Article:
Employing abductive reasoning, her poem entertains three plausible explanations. The first is that she is maintaining the rigor of Zen discipline, as a musician might do in playing scales. The second is that she is reconnecting her present experience with what she has called the “diamond at the center of [her] life”: her years as a full-time Zen student at Tassajara. And the third is that she is using the shock of ice-cold water to awaken herself, awakening being a fundamental aim of Zen practice. Rejecting all these explanations, however, she answers her own question in five key words, each of which carries a rich cargo of meaning.

The first of these words is practice, a word and concept as essential in Zen as it is in medicine or law. In Zen, nearly every activity one might engage in, be it sitting, eating, walking, gardening, cooking, or cleaning, is viewed as a form of practice, to which the practitioner gives his or her wholehearted attention. An end in itself, each such practice is also a means to an end, namely full awakening, and it is also the fruit of previous practice.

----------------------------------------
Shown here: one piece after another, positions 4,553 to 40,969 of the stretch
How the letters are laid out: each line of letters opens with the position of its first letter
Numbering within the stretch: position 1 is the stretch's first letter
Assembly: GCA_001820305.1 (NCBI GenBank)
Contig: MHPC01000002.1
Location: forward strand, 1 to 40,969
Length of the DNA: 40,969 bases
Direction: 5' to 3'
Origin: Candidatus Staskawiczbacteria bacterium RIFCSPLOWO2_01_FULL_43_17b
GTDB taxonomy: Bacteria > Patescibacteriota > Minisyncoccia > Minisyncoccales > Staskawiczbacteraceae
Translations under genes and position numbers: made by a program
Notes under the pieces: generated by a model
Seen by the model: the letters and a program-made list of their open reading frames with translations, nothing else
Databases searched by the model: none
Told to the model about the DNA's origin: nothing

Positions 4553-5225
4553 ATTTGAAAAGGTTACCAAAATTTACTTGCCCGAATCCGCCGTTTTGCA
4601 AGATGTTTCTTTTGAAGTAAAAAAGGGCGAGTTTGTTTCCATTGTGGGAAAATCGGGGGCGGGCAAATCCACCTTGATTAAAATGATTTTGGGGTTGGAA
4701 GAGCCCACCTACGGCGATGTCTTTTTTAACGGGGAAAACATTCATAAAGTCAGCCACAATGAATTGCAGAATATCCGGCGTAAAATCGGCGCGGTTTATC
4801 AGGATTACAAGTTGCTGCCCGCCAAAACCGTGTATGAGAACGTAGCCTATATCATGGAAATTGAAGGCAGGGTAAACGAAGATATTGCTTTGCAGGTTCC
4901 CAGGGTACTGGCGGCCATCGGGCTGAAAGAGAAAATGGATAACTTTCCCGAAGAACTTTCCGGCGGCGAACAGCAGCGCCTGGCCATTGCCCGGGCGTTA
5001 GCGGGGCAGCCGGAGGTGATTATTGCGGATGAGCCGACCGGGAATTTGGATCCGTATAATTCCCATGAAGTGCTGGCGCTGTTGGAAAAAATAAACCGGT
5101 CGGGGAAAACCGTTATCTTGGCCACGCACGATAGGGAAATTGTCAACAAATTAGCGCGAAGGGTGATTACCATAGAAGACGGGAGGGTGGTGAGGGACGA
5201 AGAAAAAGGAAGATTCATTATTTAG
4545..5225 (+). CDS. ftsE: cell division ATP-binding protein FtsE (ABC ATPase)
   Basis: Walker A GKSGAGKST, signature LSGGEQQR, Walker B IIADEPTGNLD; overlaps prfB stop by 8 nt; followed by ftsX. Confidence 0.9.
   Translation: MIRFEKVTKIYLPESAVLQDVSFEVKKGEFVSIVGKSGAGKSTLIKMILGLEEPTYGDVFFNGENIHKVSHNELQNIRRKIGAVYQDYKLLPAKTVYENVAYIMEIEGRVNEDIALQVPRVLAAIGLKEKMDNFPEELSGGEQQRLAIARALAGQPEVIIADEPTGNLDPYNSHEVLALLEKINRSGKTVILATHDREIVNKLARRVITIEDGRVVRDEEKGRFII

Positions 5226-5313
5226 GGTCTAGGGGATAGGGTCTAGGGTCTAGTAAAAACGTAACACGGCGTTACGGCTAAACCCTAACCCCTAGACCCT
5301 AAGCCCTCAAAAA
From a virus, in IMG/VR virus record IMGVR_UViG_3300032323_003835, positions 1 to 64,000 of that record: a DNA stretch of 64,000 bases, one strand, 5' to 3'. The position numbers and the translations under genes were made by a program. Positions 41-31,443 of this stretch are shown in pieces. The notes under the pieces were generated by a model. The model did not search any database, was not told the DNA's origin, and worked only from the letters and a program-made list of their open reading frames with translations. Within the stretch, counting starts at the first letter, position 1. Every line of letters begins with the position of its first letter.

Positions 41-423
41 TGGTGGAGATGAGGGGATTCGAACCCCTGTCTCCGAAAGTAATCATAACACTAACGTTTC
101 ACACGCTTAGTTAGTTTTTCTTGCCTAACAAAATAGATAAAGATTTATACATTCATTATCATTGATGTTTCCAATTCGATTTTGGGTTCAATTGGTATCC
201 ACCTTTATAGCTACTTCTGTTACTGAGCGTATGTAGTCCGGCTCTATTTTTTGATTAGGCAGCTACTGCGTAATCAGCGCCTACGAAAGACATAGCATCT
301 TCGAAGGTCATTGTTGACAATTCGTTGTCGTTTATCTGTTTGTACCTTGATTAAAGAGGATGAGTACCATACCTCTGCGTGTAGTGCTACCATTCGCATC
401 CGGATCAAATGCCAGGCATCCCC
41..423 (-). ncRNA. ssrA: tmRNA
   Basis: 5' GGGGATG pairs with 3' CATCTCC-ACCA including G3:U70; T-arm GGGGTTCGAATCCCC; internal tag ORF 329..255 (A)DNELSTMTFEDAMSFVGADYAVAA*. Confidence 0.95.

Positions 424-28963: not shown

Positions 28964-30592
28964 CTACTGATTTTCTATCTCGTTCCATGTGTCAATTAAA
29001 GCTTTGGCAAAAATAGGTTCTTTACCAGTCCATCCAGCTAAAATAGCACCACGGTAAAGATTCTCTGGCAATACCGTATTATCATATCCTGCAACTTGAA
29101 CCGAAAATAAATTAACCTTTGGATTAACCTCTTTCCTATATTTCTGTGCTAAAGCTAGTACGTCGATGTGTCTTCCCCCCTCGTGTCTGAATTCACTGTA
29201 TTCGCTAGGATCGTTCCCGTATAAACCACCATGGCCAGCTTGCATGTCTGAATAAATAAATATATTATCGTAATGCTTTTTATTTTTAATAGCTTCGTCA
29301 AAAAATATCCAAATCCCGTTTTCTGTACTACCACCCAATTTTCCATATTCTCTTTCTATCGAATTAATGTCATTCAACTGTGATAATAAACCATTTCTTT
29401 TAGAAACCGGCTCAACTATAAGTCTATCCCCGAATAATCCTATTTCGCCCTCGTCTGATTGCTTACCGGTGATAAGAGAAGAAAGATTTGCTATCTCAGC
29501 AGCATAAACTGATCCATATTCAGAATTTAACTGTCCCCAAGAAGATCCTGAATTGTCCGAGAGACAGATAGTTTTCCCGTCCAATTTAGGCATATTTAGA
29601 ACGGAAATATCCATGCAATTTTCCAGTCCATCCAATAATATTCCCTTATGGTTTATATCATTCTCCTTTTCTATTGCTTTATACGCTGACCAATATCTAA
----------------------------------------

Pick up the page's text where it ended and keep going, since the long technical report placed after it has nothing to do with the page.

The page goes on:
No less important is the word choosing, which Hirshfield underscores by allotting this operative verb a line to itself. One of the primary benefits of Zen practice is the eventual replacement of habitual, reflexive reactions with mindful, chosen responses. Through daily practice, the former give way to the latter. By anchoring ourselves in a stable posture, practicing conscious breathing, and observing our thoughts as they come and go, we become intimately aware of our mental habits—what Zen teachings call our “habit energy”(vasana). Bringing this awareness into our everyday lives, we develop the capacity to relinquish our most destructive habits. We fortify our power of choice.